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  • laticheverlatichever 1431 replies91 threadsRegistered User Senior Member
    Re SAT: At a recent MIT info session, the admissions director said, "If we wanted, we could fill our freshman class with perfect SATs, but that's not just what we're looking for." Yeah, SATs of 2385.

    In terms of strategizing for college admittance--quality of education aside--the top students at my kids inner city high school regularly get admitted to Ivys and the top lacs. In fact, the local Ivy almost has a quota of admititing two or three
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  • emeraldkity4emeraldkity4 34785 replies1076 threadsRegistered User Senior Member
    One of my Dd's public school students told her she hadn't been required to write a whole essay the entire year.

    It is appalling how uneven (& low) some expectations are.
    My youngest attended a K-12 school until high school & I remember hearing one teacher allowed a student to turn in a poster instead of a paper.
    ( I am unsure if perhaps this was part of the students accommodations)
    On the other hand, when she began at the school in 3rd grade, I was struck by the length of the papers that her teacher assigned.

    Since this is a college board, I do want to point out that there are many colleges where they can continue to be challenged, and the list goes deeper than the typical list on CC where a student might be applying to UPenn, Williams, Duke, Rice, Brown, UMich, Carleton & Pomona. And MIT- what the hey!
    ;)
    ( although that list seems long to me, it might seem short to the class of 2014.)
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  • MarianMarian 13200 replies83 threadsRegistered User Senior Member
    Coming from a challenging HS can help even if rank/GPA are lower.

    Sometimes yes, sometimes no.

    I was at a Columbia University admissions session with one of my kids when a student raised his hand and asked whether there was a limit on how many students Columbia would accept from a single high school. The answer was "No, there's no limit." And then the admissions officer added, "Well, of course, we're not going to take 100 people from Stuyvesant."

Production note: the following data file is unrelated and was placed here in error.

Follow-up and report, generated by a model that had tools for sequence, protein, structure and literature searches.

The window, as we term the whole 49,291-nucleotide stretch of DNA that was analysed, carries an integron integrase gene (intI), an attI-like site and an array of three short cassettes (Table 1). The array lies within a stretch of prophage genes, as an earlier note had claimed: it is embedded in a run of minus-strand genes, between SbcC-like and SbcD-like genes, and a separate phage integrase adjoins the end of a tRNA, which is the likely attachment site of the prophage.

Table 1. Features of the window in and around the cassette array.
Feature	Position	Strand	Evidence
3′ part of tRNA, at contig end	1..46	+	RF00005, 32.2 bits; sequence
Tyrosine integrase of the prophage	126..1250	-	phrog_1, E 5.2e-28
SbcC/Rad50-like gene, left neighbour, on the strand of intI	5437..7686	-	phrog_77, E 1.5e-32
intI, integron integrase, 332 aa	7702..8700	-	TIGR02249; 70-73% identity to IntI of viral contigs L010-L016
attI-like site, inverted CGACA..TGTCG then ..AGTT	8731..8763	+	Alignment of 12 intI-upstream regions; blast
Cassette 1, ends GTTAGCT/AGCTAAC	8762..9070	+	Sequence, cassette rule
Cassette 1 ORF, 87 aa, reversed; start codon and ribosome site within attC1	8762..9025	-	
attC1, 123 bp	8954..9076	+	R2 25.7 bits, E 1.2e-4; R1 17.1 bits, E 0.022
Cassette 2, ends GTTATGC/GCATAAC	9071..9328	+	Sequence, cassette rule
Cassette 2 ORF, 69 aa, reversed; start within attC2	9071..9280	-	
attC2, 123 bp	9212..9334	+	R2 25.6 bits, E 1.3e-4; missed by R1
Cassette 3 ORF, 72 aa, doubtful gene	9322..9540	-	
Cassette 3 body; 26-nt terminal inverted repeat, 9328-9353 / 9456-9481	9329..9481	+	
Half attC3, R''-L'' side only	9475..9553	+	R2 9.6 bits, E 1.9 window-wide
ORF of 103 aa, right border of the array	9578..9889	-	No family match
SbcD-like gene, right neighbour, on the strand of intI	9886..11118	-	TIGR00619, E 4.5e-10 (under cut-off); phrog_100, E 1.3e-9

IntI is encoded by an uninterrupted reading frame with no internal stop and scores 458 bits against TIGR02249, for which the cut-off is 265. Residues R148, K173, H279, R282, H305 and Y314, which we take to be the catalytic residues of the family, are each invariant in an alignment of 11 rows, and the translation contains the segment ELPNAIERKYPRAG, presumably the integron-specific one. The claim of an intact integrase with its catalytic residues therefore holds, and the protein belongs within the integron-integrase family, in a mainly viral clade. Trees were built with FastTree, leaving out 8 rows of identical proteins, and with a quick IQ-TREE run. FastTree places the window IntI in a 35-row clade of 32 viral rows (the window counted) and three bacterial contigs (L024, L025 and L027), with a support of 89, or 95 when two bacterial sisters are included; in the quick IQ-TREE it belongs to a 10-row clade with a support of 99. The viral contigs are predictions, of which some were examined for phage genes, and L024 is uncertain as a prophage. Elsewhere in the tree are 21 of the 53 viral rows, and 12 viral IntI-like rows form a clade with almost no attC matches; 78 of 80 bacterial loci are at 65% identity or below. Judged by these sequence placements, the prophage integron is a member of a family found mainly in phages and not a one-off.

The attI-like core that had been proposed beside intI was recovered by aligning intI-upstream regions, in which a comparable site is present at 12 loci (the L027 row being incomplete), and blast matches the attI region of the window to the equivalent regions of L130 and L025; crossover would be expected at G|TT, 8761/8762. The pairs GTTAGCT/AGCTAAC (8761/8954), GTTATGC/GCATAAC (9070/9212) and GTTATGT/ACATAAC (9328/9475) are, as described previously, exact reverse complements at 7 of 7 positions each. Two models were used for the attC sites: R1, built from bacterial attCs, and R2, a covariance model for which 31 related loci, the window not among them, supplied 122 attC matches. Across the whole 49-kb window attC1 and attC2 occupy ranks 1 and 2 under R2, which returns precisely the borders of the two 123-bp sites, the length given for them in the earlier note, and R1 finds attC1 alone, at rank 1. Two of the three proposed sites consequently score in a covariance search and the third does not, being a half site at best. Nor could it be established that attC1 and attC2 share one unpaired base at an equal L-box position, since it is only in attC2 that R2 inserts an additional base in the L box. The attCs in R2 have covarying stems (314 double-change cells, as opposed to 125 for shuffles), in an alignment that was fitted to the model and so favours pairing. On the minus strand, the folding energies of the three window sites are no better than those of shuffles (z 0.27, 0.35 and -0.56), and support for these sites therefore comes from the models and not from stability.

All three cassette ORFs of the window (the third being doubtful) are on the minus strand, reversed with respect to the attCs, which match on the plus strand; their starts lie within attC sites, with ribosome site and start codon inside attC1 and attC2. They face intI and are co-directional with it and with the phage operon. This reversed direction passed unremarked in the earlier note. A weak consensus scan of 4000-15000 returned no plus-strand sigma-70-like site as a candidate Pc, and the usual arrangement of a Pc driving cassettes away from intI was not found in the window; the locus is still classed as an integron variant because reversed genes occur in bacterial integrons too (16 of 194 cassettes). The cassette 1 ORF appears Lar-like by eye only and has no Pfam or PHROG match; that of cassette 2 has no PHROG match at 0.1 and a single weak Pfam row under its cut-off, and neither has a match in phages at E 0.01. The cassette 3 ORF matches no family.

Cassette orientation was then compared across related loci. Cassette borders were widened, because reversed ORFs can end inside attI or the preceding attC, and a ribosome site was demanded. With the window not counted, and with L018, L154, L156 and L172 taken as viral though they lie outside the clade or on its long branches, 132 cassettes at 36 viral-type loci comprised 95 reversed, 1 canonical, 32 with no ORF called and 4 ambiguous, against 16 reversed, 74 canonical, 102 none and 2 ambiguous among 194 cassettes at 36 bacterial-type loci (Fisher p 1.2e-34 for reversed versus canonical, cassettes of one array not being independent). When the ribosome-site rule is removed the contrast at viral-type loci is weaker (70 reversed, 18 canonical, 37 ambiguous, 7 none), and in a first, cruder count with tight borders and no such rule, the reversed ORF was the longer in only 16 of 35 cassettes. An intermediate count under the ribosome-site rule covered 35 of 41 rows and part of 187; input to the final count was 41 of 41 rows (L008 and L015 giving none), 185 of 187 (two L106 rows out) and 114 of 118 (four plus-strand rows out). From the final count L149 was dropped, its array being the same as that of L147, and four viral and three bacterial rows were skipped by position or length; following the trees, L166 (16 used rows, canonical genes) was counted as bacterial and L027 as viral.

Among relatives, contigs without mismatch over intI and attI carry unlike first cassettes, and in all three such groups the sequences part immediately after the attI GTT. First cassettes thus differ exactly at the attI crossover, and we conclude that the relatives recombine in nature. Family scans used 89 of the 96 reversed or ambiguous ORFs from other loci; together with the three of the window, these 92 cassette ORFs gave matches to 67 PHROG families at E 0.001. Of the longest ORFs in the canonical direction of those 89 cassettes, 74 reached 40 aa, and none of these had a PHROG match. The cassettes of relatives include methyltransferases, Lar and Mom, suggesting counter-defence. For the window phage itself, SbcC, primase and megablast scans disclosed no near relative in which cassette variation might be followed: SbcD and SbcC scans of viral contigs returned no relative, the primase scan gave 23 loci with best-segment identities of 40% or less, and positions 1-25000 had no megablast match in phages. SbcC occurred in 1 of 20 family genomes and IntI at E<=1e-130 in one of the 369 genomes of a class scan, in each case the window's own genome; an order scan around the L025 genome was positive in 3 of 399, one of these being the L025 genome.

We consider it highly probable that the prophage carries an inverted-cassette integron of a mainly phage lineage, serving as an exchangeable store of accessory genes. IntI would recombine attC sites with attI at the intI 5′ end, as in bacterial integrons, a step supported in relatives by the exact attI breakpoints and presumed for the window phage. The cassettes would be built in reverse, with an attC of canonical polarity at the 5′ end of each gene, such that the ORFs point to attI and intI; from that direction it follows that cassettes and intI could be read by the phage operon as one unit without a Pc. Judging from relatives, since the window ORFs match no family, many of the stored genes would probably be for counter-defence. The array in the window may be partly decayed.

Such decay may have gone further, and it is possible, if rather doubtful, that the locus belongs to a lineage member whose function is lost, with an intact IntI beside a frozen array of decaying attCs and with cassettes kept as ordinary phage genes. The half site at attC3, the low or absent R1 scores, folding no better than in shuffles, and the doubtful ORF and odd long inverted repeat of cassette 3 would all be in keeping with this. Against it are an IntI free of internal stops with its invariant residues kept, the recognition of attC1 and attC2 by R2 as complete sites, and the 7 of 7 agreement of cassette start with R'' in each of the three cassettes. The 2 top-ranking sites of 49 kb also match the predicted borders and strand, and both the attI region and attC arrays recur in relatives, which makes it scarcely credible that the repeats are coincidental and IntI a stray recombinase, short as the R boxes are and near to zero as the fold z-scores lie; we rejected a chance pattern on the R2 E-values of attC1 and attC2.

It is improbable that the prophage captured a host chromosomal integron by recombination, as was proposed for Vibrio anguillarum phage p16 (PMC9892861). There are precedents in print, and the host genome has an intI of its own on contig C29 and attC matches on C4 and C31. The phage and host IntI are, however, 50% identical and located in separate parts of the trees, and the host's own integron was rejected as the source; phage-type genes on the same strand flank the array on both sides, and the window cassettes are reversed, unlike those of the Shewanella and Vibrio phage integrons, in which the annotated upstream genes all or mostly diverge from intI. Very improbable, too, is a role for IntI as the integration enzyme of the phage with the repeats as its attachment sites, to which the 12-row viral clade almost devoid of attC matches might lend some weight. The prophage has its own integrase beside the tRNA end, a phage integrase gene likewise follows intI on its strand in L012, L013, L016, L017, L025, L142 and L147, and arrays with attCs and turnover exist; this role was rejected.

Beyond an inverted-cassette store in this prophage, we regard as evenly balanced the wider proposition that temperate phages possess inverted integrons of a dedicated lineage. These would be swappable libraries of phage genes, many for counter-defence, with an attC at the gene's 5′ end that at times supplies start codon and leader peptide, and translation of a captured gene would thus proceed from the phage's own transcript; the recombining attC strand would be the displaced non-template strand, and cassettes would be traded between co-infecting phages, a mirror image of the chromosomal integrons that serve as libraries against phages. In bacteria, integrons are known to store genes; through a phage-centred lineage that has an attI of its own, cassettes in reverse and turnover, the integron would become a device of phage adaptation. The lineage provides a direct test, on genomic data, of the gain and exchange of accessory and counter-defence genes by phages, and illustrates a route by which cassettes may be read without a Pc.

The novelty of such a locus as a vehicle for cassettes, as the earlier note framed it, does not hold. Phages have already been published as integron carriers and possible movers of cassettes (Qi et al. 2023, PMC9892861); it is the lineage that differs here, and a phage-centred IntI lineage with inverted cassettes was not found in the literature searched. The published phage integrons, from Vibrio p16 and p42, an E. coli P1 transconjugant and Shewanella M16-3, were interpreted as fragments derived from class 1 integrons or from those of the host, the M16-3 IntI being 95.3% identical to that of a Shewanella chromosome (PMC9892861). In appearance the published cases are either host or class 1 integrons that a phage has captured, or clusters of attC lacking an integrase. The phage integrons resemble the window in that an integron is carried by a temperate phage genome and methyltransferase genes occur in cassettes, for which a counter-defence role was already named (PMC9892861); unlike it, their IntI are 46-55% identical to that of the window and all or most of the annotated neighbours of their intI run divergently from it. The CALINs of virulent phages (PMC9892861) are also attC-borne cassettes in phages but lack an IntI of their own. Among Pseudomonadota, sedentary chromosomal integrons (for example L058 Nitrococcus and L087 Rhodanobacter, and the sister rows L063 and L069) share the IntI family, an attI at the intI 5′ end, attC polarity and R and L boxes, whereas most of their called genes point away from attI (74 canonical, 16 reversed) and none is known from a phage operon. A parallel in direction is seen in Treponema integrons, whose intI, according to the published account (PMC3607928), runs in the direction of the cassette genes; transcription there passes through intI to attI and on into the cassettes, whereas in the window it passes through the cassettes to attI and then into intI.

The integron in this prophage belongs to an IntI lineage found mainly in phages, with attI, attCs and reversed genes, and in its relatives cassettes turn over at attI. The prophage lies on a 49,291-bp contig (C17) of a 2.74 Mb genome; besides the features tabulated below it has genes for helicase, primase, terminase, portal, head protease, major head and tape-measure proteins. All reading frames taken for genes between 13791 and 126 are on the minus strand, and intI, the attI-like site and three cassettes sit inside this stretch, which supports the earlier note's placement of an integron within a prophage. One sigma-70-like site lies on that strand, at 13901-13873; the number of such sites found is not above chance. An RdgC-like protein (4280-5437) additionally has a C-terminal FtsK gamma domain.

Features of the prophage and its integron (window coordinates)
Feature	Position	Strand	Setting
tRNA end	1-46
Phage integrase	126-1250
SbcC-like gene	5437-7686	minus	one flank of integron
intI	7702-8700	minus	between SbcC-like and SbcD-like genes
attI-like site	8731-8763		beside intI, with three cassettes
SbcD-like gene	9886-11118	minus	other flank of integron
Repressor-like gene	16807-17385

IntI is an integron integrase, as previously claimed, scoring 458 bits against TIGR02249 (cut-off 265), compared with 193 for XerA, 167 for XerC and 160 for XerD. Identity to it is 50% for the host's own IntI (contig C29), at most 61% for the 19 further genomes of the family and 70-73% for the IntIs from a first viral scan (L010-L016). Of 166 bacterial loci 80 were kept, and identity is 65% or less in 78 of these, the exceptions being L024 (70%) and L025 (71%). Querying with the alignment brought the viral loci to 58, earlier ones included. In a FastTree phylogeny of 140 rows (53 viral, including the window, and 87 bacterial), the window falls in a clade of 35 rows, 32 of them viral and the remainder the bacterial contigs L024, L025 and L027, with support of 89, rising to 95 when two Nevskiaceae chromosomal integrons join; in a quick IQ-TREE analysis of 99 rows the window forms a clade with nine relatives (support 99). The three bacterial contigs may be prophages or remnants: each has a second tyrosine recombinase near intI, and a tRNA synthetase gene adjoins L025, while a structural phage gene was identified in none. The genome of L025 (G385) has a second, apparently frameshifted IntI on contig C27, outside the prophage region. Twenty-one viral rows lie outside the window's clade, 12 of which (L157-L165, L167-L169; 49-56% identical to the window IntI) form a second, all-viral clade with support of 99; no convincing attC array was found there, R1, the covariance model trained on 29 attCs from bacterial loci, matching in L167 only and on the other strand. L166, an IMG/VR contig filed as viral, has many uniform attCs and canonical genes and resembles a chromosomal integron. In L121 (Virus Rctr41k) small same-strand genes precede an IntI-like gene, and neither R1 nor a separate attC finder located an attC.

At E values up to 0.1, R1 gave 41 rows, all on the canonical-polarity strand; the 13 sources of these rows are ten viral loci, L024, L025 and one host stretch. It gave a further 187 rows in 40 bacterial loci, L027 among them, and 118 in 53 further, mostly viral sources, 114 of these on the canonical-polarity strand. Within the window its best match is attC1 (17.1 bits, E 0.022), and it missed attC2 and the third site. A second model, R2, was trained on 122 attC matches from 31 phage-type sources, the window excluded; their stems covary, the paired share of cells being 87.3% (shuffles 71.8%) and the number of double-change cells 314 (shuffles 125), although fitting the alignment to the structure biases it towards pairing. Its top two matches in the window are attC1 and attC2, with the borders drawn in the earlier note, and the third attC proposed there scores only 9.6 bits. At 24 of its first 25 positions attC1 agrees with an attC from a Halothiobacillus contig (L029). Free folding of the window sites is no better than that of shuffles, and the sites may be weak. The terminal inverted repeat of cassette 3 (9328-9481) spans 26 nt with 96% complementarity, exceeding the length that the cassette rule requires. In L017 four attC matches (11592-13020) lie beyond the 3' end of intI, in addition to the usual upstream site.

It turned out that the student asking the question was from Stuyvesant.

    My daughter's high school program was much smaller than Stuyvesant, but there was a reason why anyone who could afford to apply ED did so and why anyone who was a legacy at a reasonably attractive college took advantage of that status. The kids felt that they were at a disadvantage because they were competing with each other, and those who had a way to counteract that disadvantage used it.
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  • HuntHunt 26787 replies131 threadsRegistered User Senior Member
    I agree with Marian on the pros and cons (and my kids attended the same IB program hers did). For my kids, the pros outweighed the cons, and they still feel that way. For us, transportation to the magnet was not a big problem--it would have been a different story if it had been a lot further away.
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  • MarianMarian 13200 replies83 threadsRegistered User Senior Member
    For my kids, the pros outweighed the cons, and they still feel that way.

    My kid, too.
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  • emeraldkity4emeraldkity4 34785 replies1076 threadsRegistered User Senior Member
    We did carefully consider this with youngest.( oldest attended same school from 6th-12th-although we did still tour high schools)

    D2 was attending a close knit k-12 school, middle school was team taught in 7th &8th grade. Electives were open to 7-12 graders. She participated in a marine biology field trip to Hawaii in 8th grade that was part of a high school course.
    If she had stayed there, she would have been in the top 10%, but they didn't have the facilities of the comprehensive high school she wanted to attend & overall the comprehensive school had stronger teachers.
    However, as it was the magnet for the top 2% of kids in the district, I think she was maybe in the top 28th %.
    But she was still accepted to all the school she applied to.
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  • StantonMomStantonMom 134 replies4 threadsRegistered User Junior Member
    My son graduated in 2012 from top HS in the country located in FL. IB program; still had time to be VP of class junior and senior year. Went to state flagship for Film school(FSU) and between AP and IB tests, went in with 45 credit hours(the max they take). Did business minor freshman year and stated that much easier than high school - DEFINITELY WORTH GOING TO THE MORE COMPETTIVE HIGH SCHOOL.
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  • StacJipStacJip 629 replies17 threadsRegistered User Member
    tranquilmind-